It’s not that black gun ownership is “good” per se or deserves to be lauded any more than white or Hispanic or Asian gun ownership. The point is that people who are in danger, or at least feel that they are, will often reach out to firearms to protect themselves – especially if state actors seem reluctant or incapable of enforcing the law and protecting them and their families. In this sense, the desire for weapons for self-defense isn’t just a universal impulse, it’s also a basic democratic right.

“The first right” is the one that secures all the others, sure. But an armed insurrection in the streets isn’t a necessary component. In the case of Monroe, North Carolina, all it took was returning fire against one attack.

Few are aware that weapons played a pivotal part in the American Civil Rights Movement, specifically through Robert F. Williams. A curious figure in American history, Libertarians are quick to lionize him and his radical approach to black self-defense, but they’ll quickly cool when they learn of his longstanding association with leftist totalitarian politics and governments. Conservatives likewise might initially find themselves infatuated with a man who did not wait for “big government” to deliver his people, but rather leveraged the Second Amendment. Liberals, for their part, might find something to admire in Williams’ notion of liberation, but will recoil in horror when learning that his preferred vehicles for change were the NAACP (great!) and the NRA (terrible!).

Williams was many things, but chief among them was a harbinger of things that would come long after he had fled the United States for what he considered greener pastures in Fidel Castro’s Cuba. He stands across the divide, separating the non-violent, electoral, protest-oriented phase of the Civil Rights Movement in the early 1960s from the later, more militant and direct-action-oriented phase that would arise in the mid-to-late 1960s as the movement became more frustrated (particularly after the assassination of Martin Luther King).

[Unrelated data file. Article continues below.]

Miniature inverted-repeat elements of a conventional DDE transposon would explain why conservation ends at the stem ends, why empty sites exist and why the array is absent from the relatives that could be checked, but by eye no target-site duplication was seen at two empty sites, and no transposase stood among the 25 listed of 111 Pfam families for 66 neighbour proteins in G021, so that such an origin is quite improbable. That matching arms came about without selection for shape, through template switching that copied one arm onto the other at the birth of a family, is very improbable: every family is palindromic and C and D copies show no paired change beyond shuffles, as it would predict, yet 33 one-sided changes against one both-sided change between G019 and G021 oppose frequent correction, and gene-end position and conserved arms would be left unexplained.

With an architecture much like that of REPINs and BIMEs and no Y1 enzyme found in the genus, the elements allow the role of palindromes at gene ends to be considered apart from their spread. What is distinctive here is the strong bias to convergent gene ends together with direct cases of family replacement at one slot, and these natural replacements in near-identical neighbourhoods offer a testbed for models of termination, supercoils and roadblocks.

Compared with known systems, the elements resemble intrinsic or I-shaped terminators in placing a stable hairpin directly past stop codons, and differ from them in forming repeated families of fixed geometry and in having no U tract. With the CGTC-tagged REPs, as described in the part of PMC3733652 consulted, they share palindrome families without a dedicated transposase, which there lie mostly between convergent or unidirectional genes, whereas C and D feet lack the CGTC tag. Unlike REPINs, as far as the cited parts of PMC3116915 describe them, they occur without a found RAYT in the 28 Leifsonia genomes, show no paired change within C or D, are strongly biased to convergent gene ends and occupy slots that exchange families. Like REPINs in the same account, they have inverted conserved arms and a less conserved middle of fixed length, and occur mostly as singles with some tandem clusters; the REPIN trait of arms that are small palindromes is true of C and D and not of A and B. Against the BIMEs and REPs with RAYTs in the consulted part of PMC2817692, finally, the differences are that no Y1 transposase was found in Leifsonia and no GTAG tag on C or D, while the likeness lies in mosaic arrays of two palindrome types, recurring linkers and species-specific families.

Born in North Carolina in 1925, Williams’ experience mirrors that of many African-Americans of his generation. He moved to Detroit as part of the Second Great Migration, where he was privy to race rioting over jobs. He served in the then-segregated United States Marine Corps for a year and a half after being drafted in 1944. Upon returning to his North Carolina hometown, Williams found a moribund chapter of the NAACP. With only six members and little opposition, he used his USMC training to commandeer the local branch and turn it in a decidedly more military direction. The local chapter soon had over 200 members under Williams’ leadership. If nothing else, his leadership was effective at building the movement from the ground up.

Black NRA Gun Clubs KKK An early incident is particularly instructive in how effective these new tactics were. The KKK was very active in Monroe, with an estimated 7,500 members in a town of 12,000. After hearing rumors that the Klan intended to attack NAACP chapter Vice President Dr. Albert Perry’s house, Williams and members of the Black Armed Guard surrounded the doctor’s house with sandbags and showed up with rifles. Klansman fired on the house from a moving vehicle and the Guard returned fire. Soon after, the Klan required a special permit from the city’s police chief to meet. One incident of self-defense did more to move the goalposts than all previous legislative pressure had.